William Gottlieb pictures from “the Golden Age of Jazz”
“It is America’s music, born out of a million American negotiations…That could only have happened in an entirely new world. It is an improvisational art, making itself up as it goes along, just like the country that gave it birth. It rewards individual expression but demands selfless collaboration. It is forever changing but nearly always rooted in the blues. It has a rich tradition and its own rules, but it is brand new every night.” – Jazz: a film by Ken Burns
As one of the most significant photographers at the epicenter of the golden age of jazz, William Gottlieb’s seminal photographs serve as evidence of the rise of jazz as an invaluable American tradition and preserves these unrepeatable moments for the annals of history. Since the late 1930s, Gottlieb’s pictures of jazz musicians like Louis Armstrong, Miles Davis, and Charlie Parker have been in circulation as some of the best photographs of the giants of modern jazz. The pictures created an almost mythical record of these performers that shaped not only a sound but a cultural movement that would change the world.
William Gottlieb was born in Brooklyn in 1917. He grew up in the NYC metro area and studied economics at Lehigh University in Pennsylvania. While in school, Gottlieb worked for the school newspaper, eventually becoming editor-in-chief while also starting a jazz column for the Washington Post. This column created one of the first newspaper features devoted to jazz and acted as a platform that allowed Gottlieb to develop his remarkable potential in photojournalism. Since the Washington Post could not afford to pay for photos for Gottlieb’s jazz column, he decided to purchase a press camera and begin taking pictures himself. Gottlieb learned how to use a camera with the help of the Post’s staff, and since photography supplies were expensive, Gottlieb moderated his photos to a few shots per show, crafting carefully composed portraits of the musicians he was covering. Because Gottlieb shot on his own accord, the paper decided Gottlieb could keep his negatives. This development began a collection of photographs that would even be used for many materials promoting jazz, including posters and album covers, but that most importantly became a crucial archive for the history of jazz.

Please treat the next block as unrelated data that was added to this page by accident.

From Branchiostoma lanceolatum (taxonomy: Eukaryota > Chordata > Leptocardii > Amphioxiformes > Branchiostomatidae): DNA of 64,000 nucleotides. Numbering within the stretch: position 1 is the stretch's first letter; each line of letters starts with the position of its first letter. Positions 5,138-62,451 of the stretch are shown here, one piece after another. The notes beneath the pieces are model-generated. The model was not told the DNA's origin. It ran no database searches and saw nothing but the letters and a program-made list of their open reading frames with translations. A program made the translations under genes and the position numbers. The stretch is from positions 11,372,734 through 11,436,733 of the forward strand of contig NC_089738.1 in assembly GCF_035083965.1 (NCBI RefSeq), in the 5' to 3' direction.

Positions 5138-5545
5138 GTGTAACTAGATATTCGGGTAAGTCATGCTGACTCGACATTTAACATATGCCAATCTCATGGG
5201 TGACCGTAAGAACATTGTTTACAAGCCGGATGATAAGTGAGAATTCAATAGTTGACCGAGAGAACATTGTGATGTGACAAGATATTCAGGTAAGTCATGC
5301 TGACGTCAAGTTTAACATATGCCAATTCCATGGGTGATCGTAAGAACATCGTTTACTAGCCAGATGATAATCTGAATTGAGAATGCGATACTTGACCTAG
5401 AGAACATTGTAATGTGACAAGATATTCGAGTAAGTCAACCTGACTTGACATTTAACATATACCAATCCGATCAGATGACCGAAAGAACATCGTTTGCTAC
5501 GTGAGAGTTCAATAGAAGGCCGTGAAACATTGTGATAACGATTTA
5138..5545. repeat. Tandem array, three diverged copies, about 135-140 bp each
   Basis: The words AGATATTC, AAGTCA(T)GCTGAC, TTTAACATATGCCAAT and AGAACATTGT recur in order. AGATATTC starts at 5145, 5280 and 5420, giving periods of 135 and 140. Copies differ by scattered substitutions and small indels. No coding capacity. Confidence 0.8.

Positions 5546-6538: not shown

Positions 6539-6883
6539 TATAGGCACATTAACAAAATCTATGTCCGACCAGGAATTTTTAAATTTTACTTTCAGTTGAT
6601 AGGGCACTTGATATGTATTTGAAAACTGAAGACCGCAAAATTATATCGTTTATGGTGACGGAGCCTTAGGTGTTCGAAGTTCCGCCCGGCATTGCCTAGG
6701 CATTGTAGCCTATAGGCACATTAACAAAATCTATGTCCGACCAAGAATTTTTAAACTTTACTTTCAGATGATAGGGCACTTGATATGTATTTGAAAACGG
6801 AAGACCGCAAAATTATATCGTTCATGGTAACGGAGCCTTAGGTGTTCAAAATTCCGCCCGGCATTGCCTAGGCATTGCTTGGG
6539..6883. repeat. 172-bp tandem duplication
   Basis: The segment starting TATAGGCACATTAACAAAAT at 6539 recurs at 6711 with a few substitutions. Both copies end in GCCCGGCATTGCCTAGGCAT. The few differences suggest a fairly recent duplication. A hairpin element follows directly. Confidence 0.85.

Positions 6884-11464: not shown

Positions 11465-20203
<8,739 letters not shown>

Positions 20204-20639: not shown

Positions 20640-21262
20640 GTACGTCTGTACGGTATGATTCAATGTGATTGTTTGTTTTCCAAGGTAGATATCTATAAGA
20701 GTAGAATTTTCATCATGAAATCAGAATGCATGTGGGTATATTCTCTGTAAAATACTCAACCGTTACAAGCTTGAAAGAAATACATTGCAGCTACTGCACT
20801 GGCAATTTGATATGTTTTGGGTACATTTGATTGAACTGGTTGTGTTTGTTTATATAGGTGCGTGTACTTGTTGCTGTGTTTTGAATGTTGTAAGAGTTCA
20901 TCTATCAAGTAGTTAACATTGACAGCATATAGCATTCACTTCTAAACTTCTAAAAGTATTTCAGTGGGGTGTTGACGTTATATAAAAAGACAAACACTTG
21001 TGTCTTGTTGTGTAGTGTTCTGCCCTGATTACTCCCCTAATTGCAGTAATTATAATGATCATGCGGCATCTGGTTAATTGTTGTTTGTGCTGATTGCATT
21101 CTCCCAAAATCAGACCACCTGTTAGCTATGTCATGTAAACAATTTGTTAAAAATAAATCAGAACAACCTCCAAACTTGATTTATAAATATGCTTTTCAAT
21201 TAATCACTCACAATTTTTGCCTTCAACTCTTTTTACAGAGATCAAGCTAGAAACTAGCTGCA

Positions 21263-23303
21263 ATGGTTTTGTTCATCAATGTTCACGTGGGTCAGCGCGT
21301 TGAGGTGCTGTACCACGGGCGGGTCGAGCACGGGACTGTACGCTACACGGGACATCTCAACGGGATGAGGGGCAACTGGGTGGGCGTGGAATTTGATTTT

Gottlieb was present at the intersection of jazz’s growing impact on culture.
“He was there when Willie “The Lion” Smith performed at the Howard Theater in Washington; at Eddie Condon’s club when a typical lineup included Pee Wee Russell, Max Kaminsky, and Wild Bill Davison; with Satchmo and the Duke, who towered above the rest of the jazz world; and along 52nd Street in New York, the liveliest spot in jazz during much of the Golden Age.” – The Golden Age of Jazz
Jazz has influenced the deepest reaches of American culture, extending from a language of music to a cultural phenomenon. Three of the greatest jazz legends, Miles Davis, Charlie Parker, and Louis Armstrong were immortalized through Gottlieb’s camera lens. To catch them in their milieu and entranced in performance was a privilege not afforded to many photographers. Gottlieb had total respect for them, as well as their art form. For one art form to find a meeting place in another is only capable when there is an organic flow in forms of expression. Gottlieb was there with intelligence, skill, enthusiasm, and respect to record a living history.
Gottlieb eventually retired from photographing the jazz world and moved on to work for an educational film company adjacent to the DownBeat magazine offices from which he took his first jazz pictures. His pictures from the late 30’s to the 40’s encompass the golden years of jazz. Although there are only a limited number of his signed photographs in the world, they encapsulate a unique period in American music, one that Gottlieb would capture with a passion and respect for this profoundly American art form, jazz. These photographs exemplify the “coolness” and “hipness” that great jazz photography conveys in its unique capacity.